Cllr David Meller, Stockport Council’s Labour cabinet member for economy and regeneration, told Place North West: “It’s likely this allocation will have to come back now in a ‘go it alone’ local plan for Stockport – I wonder if members have realised this.

“It is ironic that those against the GMSF and against the High Lane allocation are now set to vote for its likely development, as the council will have to find space for 5,500 additional homes if it goes it alone.”

Kevin Whitmore, director and head of North at Built Environment Communications Group, wrote on Twitter: “This could well be [the GMSF’s] final death knell.

“Despite moves to make further changes in Stockport it looks like the Conservative Group has decided to walk away. Without their support, the GMSF will not be approved by Stockport Council, throwing the whole document into doubt.”

Meanwhile, as the GMSF plunges into disarray, two of Salford’s Conservative councillors have called in – meaning, formally challenged – Salford Mayor Paul Dennett’s decision to recommend the city council approve the latest version of the GMSF.

Cllrs Robin Garrido and Darren Ward oppose proposals in the document to build houses and warehouses on areas of Green Belt land in Irlam, Barton, Boothstown and Little Hulton, and claim that Dennett’s decision “lacked consultation, respect for human rights, failed to consider alternative options, and was not reasonable”.

Your Comments

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As a High Laner, I share the concerns of my friends and neighbours in Woodford and Heald Green. But what are the realistic alternatives?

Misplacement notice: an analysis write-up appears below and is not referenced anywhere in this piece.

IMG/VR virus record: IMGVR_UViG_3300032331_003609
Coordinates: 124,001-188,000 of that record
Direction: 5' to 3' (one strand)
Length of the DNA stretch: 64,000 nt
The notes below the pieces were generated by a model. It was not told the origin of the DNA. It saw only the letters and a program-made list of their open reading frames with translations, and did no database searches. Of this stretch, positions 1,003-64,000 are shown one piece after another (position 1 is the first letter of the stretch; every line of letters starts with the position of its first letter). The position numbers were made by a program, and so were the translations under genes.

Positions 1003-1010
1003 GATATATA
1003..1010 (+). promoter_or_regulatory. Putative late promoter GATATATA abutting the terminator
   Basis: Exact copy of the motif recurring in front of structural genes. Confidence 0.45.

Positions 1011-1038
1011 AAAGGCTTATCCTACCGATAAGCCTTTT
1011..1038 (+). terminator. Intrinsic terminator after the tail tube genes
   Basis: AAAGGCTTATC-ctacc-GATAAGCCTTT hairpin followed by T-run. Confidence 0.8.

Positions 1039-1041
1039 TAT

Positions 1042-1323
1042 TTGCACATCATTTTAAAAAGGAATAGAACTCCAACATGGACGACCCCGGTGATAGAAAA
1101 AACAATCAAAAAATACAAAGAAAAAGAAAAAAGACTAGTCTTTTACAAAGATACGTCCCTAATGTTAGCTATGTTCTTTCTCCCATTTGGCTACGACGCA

By A. Non.

Don’t people realise we need green areas free from building etc., so that we can walk see wildlife and get clean fresh air into our lungs. This is beneficial and necessary for our health and wellbeing. Constant building adds to air pollution as well as increased traffic. Why not make use of old factories, mills, shops standing empty in areas in Stockport, Manchester, Macclesfield etc.

By Veronica Leech

Housing targets and greenfield development allocations come from the Tory government. The GMSF is helping Stockport reduce development on its greenfield land. I hope the Tories in Stockport exclude Stockport from the GMSF, win the next council election and have to sort out the mess they created.
More homes will then have to be built. It’s like Brexit. Populist policies on false promises which will come back to bite.

By Tory Promises

Failing to sign GMSF will make the development of Green Belt around Stockport more likely, not less, and the councillors know it.

By Anonymous

Stockport Council is right to walk away from the Spatial Framework. There’re brownfield sites at the back of where I work. Look at that first. They’ve
already damaged Green Belt near where I live by building on Reddish Vale. No more.

By Evie Taylor

“all brownfield land in the borough has been identified and included in the current plan, but it is not sufficient to meet even the reduced number of homes Stockport needs to build.”

This surprises me. Have they really exhausted all avenues with brownfield land, replacement of derelict sheds and refurbishment of underused building stock?

Building homes does not have to mean building awful suburban cul-de-sacs with driveways for 2-3 cars per household.

By W

I look forward to hearing where the reduction in homes will be met on other sites. It can’t just be a matter of adding them on to brownfield numbers or else why wasn’t that done before. If it is, it’s just a total fiddle.

By concerned

You should start with the old mills around the borough first, Manchester is full of them. MCC and Stockport councils should be buying them to build affordable and council houses not selling land to private developers to profit themselves they are only interested in building a small number of affordable houses to tick a box.

By A hep

Do people not understand that the housing numbers being banded about by the GMSF are outdated and flawed figures??? The housing numbers mentioned in the GMSF is on old data which has been re-identified but in their wisdom they keep referring to this old data in an effort to push this through

By PS